DAY 2: Matsue
I started early at Matsue Castle, one of only 12 original castle keeps left in Japan (the rest are reconstructions) which is good to combine with the history museum across the road. Original castles are always empty so we can appreciate the wood and how it would've looked in the past, but they don't have much going in terms of displays so it's always interesting to visit a museum to learn the history.
I also went for a 45min boat ride around the moat and canals of town, very beautiful and enjoyable. They had a kotatsu (tables with a blanket and heater)! My feet fell asleep soon, there wasn't much room to move, but the women driving the boat sang folk songs so I was properly distracted.
I also visited Lafcadio Hearn's old residence, an author who wrote many books about Japanese legends and folklore. In fact, his book Kwaidan, I read it as a teenager, is what initially made me interested in Japan, and he talks a lot about Matsue in his work Glimpses of Unfamiliar Japan which I highly recommend checking out before visiting Shimane.
A couple small shrines and dango later, it was time to run to the other side of Matsue to see the festival! I won’t go into details about the festival since it’s a temporary event, you can read about it and see photos on my blog if you will be visiting in Spring.
And then, before heading to my hostel, I had to take the same boat ride again to hide under their kotatsu for a while (the ticket lasted all day, so I had to use it at least twice). It was cold!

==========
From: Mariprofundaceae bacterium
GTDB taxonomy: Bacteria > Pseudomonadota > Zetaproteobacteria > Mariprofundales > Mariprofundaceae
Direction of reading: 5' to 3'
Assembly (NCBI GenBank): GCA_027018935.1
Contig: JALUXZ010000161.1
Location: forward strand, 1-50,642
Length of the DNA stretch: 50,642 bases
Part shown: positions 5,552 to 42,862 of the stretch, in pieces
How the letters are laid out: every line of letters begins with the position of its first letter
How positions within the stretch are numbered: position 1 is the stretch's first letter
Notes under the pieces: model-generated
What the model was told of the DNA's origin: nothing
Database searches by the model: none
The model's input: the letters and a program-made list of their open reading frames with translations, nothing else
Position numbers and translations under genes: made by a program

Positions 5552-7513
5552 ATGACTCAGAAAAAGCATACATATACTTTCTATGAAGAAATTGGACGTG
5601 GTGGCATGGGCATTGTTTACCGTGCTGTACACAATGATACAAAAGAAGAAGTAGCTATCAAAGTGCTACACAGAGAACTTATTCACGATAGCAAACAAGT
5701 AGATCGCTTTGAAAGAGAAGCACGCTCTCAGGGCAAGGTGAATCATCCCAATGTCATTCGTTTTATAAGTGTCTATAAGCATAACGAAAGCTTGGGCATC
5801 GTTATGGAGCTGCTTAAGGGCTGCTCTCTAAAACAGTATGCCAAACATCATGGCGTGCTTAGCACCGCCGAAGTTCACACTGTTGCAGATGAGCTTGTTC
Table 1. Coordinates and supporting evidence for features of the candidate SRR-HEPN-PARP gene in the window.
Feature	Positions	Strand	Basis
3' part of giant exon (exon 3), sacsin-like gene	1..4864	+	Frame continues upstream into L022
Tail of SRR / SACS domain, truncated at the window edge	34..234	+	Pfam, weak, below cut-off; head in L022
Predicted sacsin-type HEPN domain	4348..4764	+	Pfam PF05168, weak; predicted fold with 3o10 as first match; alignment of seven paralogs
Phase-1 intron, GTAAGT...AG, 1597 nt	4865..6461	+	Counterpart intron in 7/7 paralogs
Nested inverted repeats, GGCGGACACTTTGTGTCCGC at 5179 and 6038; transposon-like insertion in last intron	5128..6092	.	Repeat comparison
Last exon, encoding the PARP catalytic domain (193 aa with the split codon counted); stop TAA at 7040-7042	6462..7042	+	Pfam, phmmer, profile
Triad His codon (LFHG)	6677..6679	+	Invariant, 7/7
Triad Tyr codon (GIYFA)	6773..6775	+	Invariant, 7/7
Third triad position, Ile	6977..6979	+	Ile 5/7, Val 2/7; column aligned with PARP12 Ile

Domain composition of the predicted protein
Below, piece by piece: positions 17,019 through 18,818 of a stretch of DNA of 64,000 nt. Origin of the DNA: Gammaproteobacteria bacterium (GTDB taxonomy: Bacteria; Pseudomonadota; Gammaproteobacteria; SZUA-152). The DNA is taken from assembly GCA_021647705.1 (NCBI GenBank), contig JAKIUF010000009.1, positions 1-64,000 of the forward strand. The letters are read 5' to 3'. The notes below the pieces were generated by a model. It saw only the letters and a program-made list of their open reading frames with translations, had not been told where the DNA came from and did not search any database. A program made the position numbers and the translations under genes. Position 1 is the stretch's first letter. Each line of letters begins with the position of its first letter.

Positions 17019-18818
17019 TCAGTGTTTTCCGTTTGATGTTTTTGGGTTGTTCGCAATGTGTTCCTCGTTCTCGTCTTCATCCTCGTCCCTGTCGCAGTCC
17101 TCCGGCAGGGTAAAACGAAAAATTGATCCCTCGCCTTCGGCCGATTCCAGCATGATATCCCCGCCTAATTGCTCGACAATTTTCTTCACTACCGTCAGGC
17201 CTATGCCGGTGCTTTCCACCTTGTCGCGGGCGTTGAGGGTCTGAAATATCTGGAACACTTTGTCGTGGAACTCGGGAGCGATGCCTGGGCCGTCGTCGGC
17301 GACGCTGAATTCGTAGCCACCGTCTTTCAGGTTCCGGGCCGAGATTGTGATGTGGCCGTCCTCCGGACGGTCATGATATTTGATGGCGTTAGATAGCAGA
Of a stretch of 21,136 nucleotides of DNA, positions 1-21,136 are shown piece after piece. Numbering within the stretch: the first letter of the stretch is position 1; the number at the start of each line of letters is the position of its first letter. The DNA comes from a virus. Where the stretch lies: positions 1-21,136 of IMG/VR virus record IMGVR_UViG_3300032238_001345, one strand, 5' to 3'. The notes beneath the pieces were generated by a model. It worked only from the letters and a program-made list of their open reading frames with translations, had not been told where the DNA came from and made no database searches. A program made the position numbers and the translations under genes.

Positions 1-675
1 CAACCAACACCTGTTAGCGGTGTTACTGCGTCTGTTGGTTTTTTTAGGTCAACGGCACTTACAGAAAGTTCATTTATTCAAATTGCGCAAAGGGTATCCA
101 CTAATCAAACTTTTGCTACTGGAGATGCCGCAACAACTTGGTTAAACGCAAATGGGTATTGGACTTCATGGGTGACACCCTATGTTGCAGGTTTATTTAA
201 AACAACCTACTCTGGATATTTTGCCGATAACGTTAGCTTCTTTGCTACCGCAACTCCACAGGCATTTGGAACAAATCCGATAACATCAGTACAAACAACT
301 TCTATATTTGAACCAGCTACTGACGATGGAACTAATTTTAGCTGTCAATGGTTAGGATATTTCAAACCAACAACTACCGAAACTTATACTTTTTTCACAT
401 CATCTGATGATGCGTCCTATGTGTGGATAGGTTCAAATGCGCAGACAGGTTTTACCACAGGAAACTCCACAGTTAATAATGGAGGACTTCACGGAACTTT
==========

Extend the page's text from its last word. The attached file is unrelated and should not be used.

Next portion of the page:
DAY 4: Tamatsukuri Onsen, Matsue
The bed at Izumo Guest House was one of the most comfortable beds I’d tried in Japan (still is), it would’ve taken nothing short of an earthquake to wake me up. It was 1am when I realised the bunk bed was shaking. In my sleepy state, I didn’t realise this until later. A siren outside rang for a few moments, so I lifted my head to look outside the window, figure out what was going on. The roads were wet from rain, but the streets were quiet, just a few cars stopped at the traffic light in front of the house. It was one of those nights, when you just listen to the cars go by, follow their red lights with your eyes and simply enjoy the calm and peace of midnight, like the night has separated those moments from time.
I closed my eyes again, my bed still shaking lulling me to sleep.
In the morning I went down for some more tea, I asked the owner if there had been an earthquake during the night and he assured me there had. It had been a big one (this area rarely gets earthquakes compared to northern Japan, so it was unusual) and his family had already called to make sure he was fine. So I decided to head to the Tourist Information Centre first, ask if the trains and buses were still running. They weren’t, and my plans for Oda were cancelled once again. And so, plan C (plan B had also been cancelled) was put into action and I headed to Tamatsukuri Onsen instead.
Tamatsukuri is a small town, technically part of Matsue, known for its hot springs and cherry blossom tunnel along the river. It's an easy and scenic walk from Tamatsukuri-onsen train station to the town. Unfortunately, the sakura at Tamatsukuri had mostly fallen when I visited, the bad weather from the past few days haven taken away most of the flowers. But the few left still made the place look good! The town's shrine has a secret sumo ring in the back.
I went to Matsue in the afternoon to visit a couple sites I'd missed the other day, namely the Shinji lake and a temple.
At Shinji lake, right in front of the Shimane Art Museum, is a little island which is a famous sunset spot. It still looks good during the day.
And finally I headed back to Izumo to catch my night bus back to Tokyo, departing at 6:30pm.
#matsue #boat #castle #author #festival